A new software tool that measures energy consumption and tells caterers how much they could save by improving working practices, including changing equipment, is on the cusp of being launched.
The ‘Lifecycle Carbon Calculator’ is close to being formally rolled out by the Carbon Trust following work it has carried out with CESA. The FCSI and CEDA have also been involved in the project, which has been paid for by DEFRA.
The calculator is still under development but the initial version is scheduled to launch in May to key group operators ahead of a full launch in the autumn.
It is anticipated that early adopters will be offered a free upgrade to an enhanced version of the software.
The basic programme uses a site’s data and puts it through a sophisticated spreadsheet to work out the energy use, taking account of a wide range of parameters, including the equipment, menu and hours of operation.
The operators can then change parameters to see the impact on energy use, for example, by replacing gas or electric hobs with induction units or switching from electric to gas combi steamers. The software can also take account of working practices, to show how changes will improve energy efficiency in this area.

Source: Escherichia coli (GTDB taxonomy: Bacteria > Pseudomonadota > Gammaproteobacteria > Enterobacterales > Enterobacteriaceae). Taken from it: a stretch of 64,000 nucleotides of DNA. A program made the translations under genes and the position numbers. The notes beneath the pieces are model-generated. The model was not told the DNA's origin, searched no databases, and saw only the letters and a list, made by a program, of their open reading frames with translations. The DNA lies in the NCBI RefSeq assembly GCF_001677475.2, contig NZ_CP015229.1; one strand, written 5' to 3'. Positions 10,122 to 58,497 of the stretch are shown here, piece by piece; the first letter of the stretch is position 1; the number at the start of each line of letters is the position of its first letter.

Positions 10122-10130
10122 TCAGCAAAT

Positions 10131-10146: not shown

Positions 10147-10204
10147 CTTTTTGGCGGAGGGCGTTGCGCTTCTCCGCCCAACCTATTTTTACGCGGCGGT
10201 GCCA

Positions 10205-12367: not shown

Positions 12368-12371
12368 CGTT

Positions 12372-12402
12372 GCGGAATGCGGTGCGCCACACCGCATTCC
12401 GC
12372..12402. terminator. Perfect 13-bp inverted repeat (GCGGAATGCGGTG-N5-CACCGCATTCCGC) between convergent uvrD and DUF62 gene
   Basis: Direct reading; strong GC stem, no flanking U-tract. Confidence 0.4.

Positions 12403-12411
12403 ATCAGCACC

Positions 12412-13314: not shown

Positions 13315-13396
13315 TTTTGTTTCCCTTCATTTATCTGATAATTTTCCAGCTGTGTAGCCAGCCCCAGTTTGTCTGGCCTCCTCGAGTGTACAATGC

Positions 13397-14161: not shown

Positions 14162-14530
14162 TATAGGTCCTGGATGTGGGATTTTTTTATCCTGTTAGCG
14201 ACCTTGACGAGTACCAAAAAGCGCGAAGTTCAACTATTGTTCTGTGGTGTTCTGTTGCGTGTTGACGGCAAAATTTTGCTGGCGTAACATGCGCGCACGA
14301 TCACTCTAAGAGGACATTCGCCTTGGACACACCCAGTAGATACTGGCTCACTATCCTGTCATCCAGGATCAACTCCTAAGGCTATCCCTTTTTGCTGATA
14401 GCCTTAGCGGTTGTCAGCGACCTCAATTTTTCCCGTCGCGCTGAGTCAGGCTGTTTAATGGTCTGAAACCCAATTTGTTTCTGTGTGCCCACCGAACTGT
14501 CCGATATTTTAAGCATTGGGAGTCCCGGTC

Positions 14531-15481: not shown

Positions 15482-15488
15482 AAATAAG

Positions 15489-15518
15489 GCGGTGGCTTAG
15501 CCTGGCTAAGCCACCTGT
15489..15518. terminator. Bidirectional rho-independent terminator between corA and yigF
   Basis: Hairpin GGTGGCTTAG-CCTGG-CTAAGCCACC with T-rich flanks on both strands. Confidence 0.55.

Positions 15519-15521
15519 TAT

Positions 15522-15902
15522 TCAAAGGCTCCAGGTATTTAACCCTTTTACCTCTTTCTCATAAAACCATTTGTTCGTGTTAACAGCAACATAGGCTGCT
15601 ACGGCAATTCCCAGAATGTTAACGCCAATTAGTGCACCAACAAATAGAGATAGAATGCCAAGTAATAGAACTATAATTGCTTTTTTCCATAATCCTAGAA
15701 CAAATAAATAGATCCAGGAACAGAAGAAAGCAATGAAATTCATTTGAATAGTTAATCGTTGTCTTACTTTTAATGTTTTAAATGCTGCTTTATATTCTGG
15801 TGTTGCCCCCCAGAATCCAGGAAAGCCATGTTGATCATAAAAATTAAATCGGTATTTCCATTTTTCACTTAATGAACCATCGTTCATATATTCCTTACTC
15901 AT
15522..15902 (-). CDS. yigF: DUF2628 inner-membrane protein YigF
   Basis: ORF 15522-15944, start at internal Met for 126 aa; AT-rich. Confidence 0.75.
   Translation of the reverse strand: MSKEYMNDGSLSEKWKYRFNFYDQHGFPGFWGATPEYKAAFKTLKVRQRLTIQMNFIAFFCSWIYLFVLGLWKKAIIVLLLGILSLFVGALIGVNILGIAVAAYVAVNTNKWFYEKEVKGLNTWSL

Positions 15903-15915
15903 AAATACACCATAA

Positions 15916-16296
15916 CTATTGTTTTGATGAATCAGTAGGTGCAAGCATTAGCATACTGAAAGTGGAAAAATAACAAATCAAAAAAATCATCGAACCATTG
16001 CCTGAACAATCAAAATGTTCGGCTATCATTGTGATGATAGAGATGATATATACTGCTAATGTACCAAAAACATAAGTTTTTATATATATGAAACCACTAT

The Carbon Trust is already working on enhanced versions of the software, which will be able to take account of multiple food prep strategies and optimised kitchen design among other things.
“The calculator will have a huge impact on the way operators, designers and specifiers plan and manage commercial kitchens in the UK,” says Nick Oryino, chair of CESA. “It will help the industry cut carbon emission and running costs. We expect it to have a ready market amongst larger operator groups, such as restaurants and hotels, as well as equipment distributors and consultants.”
The Carbon Trust believes the calculator will go a long way to tackling the huge issue of the foodservice market’s carbon emissions.
It cites research published for the contract catering market suggesting that by training staff in best practice procedures for cooking and dishwashing equipment, the industry’s costs could be reduced by £35m and carbon emission cut by 173,000 CO2e tonnes, per year.
Replacing refrigerators with Energy Technology List (ETL) standard models, meanwhile, would save £13m and 56,600 CO2e tonnes annually, while total potential savings for the industry would amount to £114m and 566,000 CO2e tonnes per year.